Here, for the first time, is a volume that gathers the published verse of Allen Ginsberg in its entirety, a half century of brilliant work from one of America's great poets. The chief figure among the Beats, Ginsberg changed the course of American poetry, liberating it from closed academic forms with the creation of open, vocal, spontaneous, and energetic postmodern verse in the tradition of Walt Whitman, Guillaume Apollinaire, Hart Crane, Ezra Pound, and William Carlos Williams. Ginsberg's classics Howl, Reality Sandwiches, Kaddish, Planet News, and The Fall of America led American (and international) poetry toward uncensored vernacular, explicit candor, the ecstatic, the rhapsodic, and the sincere—all leavened by an attractive and pervasive streak of common sense. Ginsberg's raw tones and attitudes of spiritual liberation also helped catalyze a psychological revolution that has become a permanent part of our cultural heritage, profoundly influencing not only poetry and popular song and speech, but also our view of the world.
The uninterrupted energy of Ginsberg's remarkable career is clearly revealed in this collection. Seen in order of composition, the poems reflect on one another; they are not only works but also a work. Included here are all the poems from the earlier volume Collected Poems 1947-1980, and from Ginsberg's subsequent and final three books of new poetry: White Shroud, Cosmopolitan Greetings, and Death & Fame. Enriching this book are illustrations by Ginsberg's artist friends; unusual and illuminating notes to the poems, inimitably prepared by the poet himself; extensive indexes; as well as prefaces and various other materials that accompanied the original publications.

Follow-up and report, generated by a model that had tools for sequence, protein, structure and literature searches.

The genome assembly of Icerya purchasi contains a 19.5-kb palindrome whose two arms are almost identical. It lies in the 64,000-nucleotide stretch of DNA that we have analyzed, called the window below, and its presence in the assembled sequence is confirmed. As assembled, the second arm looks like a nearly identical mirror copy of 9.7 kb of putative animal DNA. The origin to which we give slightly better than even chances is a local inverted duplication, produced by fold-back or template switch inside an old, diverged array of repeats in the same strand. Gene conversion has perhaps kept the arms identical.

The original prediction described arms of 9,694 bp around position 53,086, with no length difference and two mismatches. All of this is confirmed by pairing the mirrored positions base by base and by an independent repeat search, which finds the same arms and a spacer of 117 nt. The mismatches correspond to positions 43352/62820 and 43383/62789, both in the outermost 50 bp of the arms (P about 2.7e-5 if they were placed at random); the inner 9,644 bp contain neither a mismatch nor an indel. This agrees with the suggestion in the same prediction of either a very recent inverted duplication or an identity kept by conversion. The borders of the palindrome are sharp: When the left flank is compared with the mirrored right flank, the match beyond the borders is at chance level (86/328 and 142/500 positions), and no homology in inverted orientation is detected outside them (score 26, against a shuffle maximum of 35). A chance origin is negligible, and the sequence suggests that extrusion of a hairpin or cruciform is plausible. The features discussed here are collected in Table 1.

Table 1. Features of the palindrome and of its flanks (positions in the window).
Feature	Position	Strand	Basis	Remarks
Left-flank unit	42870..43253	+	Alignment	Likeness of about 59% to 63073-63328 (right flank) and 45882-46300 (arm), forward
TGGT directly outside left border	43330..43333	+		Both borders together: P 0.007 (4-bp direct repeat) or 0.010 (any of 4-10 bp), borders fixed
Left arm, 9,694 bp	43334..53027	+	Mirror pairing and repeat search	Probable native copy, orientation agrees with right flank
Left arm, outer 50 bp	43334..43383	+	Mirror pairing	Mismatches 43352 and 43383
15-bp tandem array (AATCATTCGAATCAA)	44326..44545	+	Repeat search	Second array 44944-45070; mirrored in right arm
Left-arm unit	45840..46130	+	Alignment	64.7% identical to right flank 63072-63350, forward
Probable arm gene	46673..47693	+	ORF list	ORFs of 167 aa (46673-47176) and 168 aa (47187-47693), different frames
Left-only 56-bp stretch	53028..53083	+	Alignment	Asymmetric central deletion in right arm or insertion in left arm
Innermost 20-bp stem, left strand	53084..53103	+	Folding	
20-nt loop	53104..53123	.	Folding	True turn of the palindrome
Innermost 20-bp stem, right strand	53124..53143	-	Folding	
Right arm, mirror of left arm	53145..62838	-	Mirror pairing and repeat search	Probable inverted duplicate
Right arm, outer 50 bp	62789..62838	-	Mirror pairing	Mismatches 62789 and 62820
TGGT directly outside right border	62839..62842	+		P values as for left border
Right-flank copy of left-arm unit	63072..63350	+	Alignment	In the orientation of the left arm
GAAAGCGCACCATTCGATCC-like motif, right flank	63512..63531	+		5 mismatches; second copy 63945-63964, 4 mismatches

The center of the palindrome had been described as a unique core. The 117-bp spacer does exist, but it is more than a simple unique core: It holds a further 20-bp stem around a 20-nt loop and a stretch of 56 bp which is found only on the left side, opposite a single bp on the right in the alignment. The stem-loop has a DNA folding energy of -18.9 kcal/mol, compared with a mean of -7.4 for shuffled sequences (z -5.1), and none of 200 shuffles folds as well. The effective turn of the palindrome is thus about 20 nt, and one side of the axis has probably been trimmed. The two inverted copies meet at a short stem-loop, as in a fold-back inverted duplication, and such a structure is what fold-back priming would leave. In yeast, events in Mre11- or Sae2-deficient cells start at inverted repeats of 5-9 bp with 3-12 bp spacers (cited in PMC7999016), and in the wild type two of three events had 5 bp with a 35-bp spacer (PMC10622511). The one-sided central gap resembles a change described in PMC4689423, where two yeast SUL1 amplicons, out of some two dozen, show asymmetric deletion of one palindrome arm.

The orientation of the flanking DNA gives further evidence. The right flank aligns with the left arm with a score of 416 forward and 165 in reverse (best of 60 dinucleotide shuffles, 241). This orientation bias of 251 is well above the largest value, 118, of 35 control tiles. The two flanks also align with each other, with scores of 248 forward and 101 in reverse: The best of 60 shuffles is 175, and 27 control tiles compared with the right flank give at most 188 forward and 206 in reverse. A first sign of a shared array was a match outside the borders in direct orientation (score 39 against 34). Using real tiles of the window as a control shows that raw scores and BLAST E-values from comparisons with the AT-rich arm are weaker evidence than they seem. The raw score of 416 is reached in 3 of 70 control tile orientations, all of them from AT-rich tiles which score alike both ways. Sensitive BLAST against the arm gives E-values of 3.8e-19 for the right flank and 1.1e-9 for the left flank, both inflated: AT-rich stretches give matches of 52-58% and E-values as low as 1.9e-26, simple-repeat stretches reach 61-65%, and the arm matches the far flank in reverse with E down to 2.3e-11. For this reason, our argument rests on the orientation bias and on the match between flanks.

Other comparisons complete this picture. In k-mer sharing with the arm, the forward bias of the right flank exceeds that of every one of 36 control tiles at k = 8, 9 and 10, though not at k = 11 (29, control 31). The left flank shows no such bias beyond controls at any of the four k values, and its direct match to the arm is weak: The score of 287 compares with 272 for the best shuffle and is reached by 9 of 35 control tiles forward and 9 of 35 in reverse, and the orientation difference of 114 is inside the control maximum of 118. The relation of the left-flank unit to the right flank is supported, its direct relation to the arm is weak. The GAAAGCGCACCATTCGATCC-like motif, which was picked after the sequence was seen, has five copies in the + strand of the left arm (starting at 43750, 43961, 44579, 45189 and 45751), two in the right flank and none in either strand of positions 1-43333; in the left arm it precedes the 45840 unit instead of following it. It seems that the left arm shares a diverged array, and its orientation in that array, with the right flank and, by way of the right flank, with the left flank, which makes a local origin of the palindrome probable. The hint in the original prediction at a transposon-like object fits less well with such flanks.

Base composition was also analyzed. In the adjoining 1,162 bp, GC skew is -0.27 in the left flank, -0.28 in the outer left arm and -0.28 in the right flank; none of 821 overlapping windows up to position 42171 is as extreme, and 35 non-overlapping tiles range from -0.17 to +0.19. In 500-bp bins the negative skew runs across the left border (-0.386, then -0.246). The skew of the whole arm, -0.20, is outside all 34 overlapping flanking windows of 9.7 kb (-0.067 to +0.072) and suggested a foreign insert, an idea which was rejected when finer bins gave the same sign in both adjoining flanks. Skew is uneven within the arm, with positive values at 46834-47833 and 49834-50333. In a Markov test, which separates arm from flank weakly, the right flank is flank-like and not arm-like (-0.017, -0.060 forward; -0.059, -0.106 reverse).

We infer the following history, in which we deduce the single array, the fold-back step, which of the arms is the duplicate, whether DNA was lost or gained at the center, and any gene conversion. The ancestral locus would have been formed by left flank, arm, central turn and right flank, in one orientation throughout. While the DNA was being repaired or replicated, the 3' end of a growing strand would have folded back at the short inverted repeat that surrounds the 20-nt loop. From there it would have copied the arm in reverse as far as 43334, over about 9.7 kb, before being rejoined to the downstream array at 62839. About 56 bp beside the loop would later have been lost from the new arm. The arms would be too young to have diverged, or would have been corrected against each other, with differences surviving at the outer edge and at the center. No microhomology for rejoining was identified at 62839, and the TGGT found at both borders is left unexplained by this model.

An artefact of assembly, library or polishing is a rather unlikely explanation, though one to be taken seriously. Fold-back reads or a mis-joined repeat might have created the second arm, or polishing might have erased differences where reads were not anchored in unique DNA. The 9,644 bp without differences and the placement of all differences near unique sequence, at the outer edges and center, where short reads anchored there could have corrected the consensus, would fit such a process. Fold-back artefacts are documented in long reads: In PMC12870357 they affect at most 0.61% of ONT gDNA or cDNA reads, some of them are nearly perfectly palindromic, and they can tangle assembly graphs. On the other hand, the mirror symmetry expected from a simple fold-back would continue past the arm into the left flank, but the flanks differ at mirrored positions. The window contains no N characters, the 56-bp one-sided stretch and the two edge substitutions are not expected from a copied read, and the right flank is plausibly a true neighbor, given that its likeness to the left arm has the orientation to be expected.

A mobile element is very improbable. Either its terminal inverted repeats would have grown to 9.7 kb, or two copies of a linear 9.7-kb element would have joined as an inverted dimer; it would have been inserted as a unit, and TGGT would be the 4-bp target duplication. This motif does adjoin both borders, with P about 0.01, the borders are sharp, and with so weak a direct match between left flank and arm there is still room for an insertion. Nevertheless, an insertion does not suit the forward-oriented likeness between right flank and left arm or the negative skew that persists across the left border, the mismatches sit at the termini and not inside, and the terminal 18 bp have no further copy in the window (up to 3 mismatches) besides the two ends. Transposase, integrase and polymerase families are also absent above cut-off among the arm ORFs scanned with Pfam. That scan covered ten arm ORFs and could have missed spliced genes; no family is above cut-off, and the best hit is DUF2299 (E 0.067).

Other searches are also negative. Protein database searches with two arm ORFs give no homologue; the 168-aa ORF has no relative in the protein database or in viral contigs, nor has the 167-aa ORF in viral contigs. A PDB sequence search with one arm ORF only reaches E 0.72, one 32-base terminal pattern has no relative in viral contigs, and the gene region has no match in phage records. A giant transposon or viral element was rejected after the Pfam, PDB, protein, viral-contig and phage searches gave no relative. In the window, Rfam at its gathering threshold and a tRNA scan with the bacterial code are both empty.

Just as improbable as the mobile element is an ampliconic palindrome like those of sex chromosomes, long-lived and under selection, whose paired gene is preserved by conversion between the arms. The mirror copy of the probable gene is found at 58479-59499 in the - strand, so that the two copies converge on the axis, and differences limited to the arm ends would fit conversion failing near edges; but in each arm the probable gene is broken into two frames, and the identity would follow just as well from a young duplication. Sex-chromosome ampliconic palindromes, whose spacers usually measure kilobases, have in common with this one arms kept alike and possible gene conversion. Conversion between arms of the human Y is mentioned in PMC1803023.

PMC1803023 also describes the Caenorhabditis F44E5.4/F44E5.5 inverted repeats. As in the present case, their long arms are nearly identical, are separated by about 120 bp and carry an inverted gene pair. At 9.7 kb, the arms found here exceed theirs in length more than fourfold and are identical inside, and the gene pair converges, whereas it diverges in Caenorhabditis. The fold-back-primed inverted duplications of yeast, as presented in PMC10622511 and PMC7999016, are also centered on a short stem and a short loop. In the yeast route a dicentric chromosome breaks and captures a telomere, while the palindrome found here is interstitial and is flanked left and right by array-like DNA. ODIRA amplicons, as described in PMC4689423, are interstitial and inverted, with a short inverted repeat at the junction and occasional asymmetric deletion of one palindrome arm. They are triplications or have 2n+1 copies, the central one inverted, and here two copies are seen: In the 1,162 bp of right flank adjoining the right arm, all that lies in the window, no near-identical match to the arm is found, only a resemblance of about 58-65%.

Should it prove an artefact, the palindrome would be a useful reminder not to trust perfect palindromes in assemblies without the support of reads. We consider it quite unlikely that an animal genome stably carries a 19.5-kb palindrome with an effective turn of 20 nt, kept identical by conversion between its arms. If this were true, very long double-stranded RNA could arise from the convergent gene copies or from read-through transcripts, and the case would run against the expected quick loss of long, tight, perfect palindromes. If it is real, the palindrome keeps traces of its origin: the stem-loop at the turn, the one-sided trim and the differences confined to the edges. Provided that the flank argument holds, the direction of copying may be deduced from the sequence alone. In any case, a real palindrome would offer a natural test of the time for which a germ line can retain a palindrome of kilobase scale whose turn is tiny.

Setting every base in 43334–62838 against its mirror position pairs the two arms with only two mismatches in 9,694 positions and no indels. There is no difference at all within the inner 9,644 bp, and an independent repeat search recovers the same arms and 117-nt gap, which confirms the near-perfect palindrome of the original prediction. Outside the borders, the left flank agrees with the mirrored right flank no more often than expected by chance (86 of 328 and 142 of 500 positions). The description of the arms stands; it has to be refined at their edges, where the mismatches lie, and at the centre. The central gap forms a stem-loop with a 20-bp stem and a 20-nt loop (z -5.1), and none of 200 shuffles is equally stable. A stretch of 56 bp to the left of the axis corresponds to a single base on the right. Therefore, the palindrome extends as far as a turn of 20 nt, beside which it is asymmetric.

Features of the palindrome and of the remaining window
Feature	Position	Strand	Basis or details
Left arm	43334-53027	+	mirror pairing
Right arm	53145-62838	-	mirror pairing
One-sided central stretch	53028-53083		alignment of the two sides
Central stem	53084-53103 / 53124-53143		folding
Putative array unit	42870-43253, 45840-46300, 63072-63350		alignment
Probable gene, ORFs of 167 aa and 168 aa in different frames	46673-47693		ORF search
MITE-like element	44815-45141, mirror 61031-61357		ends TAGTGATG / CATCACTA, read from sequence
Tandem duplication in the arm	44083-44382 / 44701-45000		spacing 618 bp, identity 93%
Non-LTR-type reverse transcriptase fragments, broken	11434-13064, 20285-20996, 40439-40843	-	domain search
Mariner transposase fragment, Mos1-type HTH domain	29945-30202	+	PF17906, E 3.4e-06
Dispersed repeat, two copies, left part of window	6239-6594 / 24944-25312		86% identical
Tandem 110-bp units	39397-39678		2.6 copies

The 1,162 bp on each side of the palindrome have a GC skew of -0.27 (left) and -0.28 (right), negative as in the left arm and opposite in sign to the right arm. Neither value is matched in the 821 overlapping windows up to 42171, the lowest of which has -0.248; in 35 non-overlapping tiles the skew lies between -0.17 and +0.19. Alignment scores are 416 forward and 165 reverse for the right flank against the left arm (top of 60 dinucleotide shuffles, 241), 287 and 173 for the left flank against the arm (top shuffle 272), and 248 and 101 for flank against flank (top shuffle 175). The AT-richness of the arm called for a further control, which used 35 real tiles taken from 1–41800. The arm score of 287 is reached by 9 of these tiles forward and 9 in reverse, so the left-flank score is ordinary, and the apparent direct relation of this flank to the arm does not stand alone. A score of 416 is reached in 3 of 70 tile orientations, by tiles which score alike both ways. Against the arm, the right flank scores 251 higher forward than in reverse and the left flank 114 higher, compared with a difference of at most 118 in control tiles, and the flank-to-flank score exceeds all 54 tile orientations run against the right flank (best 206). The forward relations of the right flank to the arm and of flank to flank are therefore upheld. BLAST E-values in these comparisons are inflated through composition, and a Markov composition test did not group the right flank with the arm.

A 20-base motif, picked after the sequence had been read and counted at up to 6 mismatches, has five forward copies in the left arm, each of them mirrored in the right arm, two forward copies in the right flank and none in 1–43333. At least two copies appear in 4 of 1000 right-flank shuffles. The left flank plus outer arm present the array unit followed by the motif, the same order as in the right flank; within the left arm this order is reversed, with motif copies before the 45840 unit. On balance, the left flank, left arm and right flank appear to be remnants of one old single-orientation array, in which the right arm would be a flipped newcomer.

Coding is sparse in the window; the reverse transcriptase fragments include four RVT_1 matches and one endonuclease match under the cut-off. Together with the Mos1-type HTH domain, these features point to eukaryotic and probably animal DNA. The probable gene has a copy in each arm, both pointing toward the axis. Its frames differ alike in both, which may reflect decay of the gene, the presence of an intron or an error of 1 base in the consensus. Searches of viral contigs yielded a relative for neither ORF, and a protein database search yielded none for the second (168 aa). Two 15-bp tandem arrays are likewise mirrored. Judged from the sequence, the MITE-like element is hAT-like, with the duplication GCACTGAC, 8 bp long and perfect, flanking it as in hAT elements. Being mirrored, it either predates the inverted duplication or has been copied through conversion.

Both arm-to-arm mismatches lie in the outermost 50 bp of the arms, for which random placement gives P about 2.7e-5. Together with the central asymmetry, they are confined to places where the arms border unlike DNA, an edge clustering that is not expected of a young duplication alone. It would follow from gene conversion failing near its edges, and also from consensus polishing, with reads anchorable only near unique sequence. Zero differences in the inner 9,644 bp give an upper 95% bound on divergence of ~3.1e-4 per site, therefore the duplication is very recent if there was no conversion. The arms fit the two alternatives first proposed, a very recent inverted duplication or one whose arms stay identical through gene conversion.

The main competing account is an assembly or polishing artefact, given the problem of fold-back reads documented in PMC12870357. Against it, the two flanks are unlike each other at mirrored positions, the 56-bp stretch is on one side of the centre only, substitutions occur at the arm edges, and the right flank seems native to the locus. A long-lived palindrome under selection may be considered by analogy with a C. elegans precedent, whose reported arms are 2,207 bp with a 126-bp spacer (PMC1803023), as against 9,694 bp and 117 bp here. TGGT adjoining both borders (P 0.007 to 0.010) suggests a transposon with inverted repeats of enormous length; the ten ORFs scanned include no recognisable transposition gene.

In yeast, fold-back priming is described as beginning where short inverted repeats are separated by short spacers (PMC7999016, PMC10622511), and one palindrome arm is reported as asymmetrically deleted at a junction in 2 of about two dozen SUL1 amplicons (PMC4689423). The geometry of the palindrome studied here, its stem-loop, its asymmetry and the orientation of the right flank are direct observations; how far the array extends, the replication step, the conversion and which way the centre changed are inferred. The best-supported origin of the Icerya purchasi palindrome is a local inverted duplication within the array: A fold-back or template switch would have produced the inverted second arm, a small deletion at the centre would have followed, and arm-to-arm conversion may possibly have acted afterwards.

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Allen Ginsberg was a member of the American Academy of Arts and Letters as well as a winner of the National Book Award for Poetry. He was born in Newark, New Jersey, in 1926, and died in New York City in 1997.From Publishers Weekly:
Starred Review. Counterculture icon, beat apostle, Buddhist chanter, heir to William Blake, unapologetic explorer of intoxicating substances, world traveler, political protest leader, celebrant of gay sex, chronicler of New Jersey Jewish heritage and of Lower East Side post-hippie bohemians, Ginsberg (1926–1997) became by the midpoint of his career the most famous American poet of his era. At first hardworking and tormented, later on a spontaneous, welcoming mentor, the writer who in Howl (1956) "saw the best minds of my generation starving hysterical naked," and who mourned his psychotic mother in the wrenching title poem of Kaddish (1960) kept creating entertaining (if not quite so innovative) poems, for almost three decades after he rose to fame. This first complete collection of Ginsberg's work reproduces his 1980 Collected Poems—including all the extensive notes: here are "Howl" and "Kaddish" and the great anti–Vietnam War poem "Wichita Vortex Sutra"; here too are the poems about Prague and Cornwall, Benares and Shanghai and the Australian outback, the songs and chants in quatrains (with sheet music) and the unashamed odes to beautiful young men. This complete edition adds White Shroud (1986), Cosmopolitan Greetings (1994) and the aptly titled Death and Fame: Last Poems (2000). A hefty, vivid and important tome, it should remind us just how much Ginsberg accomplished. (Oct.)
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